The final remains of Louis Roesch Printing Company's factory on 15th and Mission, where a yet-unnamed apartment will be built by Avant Housing LLC.
A couple walks outside the 1880 Mission construction yard, along 15th Street.

There are many reasons why one real estate developer succeeds where others have failed, but when Avant Housing broke ground in mid-October on a 202-unit complex at Mission and 15th streets, one of its principals credited the help of businessman Michael Davos.

Davos arrived in the United States from Greece in 1949, 19 years old and virtually penniless. Two years later, he began working at the Louis Roesch printing plant and warehouse, and eventually worked his way up to buy the company in 1986. It closed in 2003, and in the years that followed, developers tried twice to purchase the site. When Avant Housing LLC principal Eric Tao became the third party to meet with the Greek immigrant in 2008, Davos was interested but skeptical.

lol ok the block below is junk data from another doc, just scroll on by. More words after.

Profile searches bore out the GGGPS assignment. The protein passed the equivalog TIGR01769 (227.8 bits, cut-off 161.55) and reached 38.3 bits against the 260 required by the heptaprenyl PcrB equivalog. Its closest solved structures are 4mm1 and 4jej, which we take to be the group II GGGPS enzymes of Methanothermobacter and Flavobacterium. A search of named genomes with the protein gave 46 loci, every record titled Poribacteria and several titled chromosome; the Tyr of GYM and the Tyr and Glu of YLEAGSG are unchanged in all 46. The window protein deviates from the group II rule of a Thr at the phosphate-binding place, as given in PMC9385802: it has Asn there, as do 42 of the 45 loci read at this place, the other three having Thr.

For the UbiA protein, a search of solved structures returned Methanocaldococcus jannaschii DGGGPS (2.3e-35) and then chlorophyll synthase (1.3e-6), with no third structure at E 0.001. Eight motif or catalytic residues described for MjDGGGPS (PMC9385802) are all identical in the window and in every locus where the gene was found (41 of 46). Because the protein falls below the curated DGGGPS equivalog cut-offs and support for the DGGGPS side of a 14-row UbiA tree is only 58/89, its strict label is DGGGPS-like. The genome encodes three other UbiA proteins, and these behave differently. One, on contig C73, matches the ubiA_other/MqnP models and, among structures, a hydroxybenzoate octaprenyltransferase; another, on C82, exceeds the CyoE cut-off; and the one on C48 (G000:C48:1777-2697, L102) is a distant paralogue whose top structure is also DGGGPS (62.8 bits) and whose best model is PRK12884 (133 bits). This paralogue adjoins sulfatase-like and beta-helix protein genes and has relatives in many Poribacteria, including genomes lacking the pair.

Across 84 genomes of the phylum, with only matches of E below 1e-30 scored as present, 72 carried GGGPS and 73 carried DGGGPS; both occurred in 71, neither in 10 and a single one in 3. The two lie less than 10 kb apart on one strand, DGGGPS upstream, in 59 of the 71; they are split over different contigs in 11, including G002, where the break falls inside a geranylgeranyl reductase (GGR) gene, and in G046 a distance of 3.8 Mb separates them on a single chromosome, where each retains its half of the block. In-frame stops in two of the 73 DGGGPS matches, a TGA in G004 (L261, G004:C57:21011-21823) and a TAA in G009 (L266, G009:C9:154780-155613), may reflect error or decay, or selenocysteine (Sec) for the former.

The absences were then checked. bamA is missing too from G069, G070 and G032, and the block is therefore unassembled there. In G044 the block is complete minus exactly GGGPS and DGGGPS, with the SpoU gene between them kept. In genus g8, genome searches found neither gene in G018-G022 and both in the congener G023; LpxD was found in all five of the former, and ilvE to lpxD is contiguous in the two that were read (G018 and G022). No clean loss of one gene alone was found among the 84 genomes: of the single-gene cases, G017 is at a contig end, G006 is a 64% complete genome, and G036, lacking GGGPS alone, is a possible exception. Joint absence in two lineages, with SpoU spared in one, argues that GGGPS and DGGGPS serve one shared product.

“Eric,” Davos said, according to Tao, “I want to know that you guys are going to be able to build this project.”

What convinced him was the financial group behind Avant — the California Public Employees Retirement System, known as CalPERS. With some $100 million in pension funds to invest and — according to Tao — an interest in urban infill projects, the group had just been successful in San Francisco at the SoMa Grand with two of Avant’s partners, AGI Capital Group and TMG Partners. CalPERS public affairs spokesman Wayne Davis cited managers who bring a unique set of skills to their investments as one thing they generally look for in a development partner. The organization doesn’t publicly discuss investment strategies.

The site at 15th and Mission fit Avant’s own investment strategy, however. Like many other Mission neighborhoods, 15th and Mission has been stuck in developmental limbo since the late 1990s — no longer industrial but not quite Market and Powell. Condos and Bay Blend Coffee and Tea replaced R.B. Roofing Co. and Spencer’s Car Radio. Across the street looms the turreted San Francisco Armory, now home to fetish website A San Francisco Planning Commission resolution in 2004 identified a need for high-density housing in the area.